Land rights are not the same thing as native title.

As outlined in Question 4 above, native title is about recognising Indigenous peoples’ continuing connection to their land and waters in accordance with their own traditional laws and customs. Native Title is not a grant created through legislation but exists alongside Australian common law.  As such, native title pre-exists the Crown and survives colonisation where Indigenous people have maintained a continuous connection with their country and where their native title has not been extinguished by an act of government (such as the granting of freehold title).

Land rights are those granted by the government and are based on the assumption that the Crown holds legitimate title to land, which it then passes on to another party. Land rights are granted at the state or territory level, and are comparable to freehold and leasehold titles that also flow from the Crown.  For example, a land rights grant may cover Crown land or national park, traditional land, or an Aboriginal reserve, mission or cemetery.

In New South Wales, Aboriginal land rights are governed under the Land Rights Act 1983. The Act was created to compensate the Aboriginal people of NSW for past dispossession of their lands. The destruction and fragmentation of Aboriginal society in NSW had been so severe that the normal definition of traditional lands could not apply. While the law fell short of recognising the continued existence of traditional Aboriginal rights to land and resources, it nonetheless confirmed that as a result of government decisions, the amount of land set aside for Aboriginal people had been increasingly diminished without compensation. The legislation therefore created a three-tiered system of Aboriginal Land Councils state, regional and local that could claim Crown lands from the NSW State Government in accordance with the Act. The intention was to address dispossession through land-based compensation, which would subsequently create a sustainable economic base for Aboriginal people in the State.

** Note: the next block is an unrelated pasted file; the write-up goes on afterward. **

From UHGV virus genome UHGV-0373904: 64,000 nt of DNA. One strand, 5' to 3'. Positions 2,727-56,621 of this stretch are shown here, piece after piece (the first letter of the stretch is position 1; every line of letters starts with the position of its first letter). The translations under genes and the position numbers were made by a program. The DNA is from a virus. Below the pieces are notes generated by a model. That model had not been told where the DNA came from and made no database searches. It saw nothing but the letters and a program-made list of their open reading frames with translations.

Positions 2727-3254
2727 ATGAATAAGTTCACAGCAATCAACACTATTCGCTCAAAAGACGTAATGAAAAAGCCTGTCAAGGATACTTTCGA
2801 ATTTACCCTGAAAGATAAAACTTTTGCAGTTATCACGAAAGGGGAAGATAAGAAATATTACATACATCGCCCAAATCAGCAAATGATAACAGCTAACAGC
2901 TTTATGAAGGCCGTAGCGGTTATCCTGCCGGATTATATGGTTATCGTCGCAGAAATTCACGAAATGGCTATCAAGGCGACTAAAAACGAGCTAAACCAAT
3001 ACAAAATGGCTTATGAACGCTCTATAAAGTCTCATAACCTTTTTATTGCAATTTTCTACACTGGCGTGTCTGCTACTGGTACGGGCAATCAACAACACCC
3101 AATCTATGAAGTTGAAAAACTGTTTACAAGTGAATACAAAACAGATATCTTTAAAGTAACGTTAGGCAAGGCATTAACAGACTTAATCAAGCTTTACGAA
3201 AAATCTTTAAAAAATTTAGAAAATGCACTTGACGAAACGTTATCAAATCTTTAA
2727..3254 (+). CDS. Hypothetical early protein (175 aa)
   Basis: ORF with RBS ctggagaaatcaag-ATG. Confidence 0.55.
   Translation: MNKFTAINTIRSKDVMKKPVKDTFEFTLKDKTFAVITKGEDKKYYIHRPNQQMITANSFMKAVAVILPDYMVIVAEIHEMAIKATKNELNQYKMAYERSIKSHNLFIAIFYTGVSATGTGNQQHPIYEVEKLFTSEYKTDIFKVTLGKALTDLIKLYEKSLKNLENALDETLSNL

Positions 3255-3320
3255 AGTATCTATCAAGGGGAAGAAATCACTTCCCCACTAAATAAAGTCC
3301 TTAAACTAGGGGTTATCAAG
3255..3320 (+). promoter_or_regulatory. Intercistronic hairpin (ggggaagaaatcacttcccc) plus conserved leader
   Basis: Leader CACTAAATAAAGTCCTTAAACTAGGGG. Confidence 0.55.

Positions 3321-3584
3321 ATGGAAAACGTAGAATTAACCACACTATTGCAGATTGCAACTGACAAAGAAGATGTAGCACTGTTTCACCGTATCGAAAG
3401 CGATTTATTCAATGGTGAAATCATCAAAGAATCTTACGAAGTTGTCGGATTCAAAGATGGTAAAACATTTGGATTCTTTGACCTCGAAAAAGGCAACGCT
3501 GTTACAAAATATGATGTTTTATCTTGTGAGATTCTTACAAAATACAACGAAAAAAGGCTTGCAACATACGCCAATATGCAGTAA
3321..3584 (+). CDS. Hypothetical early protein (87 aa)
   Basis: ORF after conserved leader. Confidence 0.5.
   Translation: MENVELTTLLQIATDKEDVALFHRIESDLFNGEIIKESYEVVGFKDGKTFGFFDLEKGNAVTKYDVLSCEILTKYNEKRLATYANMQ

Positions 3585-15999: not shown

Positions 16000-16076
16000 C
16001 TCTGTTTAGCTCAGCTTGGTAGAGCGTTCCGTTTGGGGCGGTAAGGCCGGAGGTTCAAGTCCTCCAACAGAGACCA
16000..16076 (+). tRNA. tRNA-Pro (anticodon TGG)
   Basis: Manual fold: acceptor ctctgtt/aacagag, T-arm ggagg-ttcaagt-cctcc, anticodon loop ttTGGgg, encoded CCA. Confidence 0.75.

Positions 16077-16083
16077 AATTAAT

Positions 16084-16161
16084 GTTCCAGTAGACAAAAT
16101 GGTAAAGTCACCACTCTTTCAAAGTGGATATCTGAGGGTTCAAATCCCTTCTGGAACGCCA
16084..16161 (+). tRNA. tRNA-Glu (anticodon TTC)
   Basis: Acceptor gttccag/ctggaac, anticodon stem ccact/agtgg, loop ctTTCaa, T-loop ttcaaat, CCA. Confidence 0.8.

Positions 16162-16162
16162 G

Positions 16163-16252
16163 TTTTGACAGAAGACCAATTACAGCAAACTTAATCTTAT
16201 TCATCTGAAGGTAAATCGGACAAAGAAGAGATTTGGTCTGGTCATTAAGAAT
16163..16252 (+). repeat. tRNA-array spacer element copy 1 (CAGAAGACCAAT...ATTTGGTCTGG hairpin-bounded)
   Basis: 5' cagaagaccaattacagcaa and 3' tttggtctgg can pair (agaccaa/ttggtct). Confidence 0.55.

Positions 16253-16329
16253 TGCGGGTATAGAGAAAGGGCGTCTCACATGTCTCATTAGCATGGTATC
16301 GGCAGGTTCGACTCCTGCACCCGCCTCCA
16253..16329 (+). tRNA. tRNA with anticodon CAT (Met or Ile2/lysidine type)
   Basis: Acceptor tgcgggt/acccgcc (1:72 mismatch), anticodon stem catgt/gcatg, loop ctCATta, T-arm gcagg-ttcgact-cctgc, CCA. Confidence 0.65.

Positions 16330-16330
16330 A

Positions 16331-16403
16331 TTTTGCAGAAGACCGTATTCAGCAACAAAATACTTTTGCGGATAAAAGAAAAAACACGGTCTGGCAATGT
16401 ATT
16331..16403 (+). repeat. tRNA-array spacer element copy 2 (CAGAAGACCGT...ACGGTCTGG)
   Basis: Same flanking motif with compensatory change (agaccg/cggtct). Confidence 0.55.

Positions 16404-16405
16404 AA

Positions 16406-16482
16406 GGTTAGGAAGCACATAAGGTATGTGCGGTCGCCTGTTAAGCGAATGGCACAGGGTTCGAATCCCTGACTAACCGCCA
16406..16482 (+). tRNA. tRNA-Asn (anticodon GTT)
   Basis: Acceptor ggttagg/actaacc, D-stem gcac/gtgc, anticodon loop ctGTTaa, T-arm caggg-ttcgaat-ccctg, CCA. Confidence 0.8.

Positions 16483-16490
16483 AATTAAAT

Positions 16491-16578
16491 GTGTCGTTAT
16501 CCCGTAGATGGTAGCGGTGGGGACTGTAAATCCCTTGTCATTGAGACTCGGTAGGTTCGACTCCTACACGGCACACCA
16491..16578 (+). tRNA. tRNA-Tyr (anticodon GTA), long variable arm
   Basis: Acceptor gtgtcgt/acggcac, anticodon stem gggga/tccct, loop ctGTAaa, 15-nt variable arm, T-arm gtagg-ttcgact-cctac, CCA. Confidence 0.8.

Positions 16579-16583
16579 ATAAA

What started out as an exciting opportunity for Aboriginal communities to become self-determining has become a complicated practice. While the 1983 Land Rights Act provides a legal right to claim land, the translation of that right into actual Aboriginal land ownership is an ongoing struggle. A resistant attitude from government with regard to individual land claims has meant that a lot of money is spent on litigation, rather than on creating a sustainable future for Aboriginal people in New South Wales.

For more information on the history of land rights in NSW, see Parbury, Nigel, Survival: a History of Aboriginal Life in New South Wales, Sydney, NSW Ministry of Aboriginal Affairs, 1986.  See also the NSW Department of Aboriginal Affairs, the NSW Aboriginal Land Council and the Metropolitan Local Aboriginal Land Council.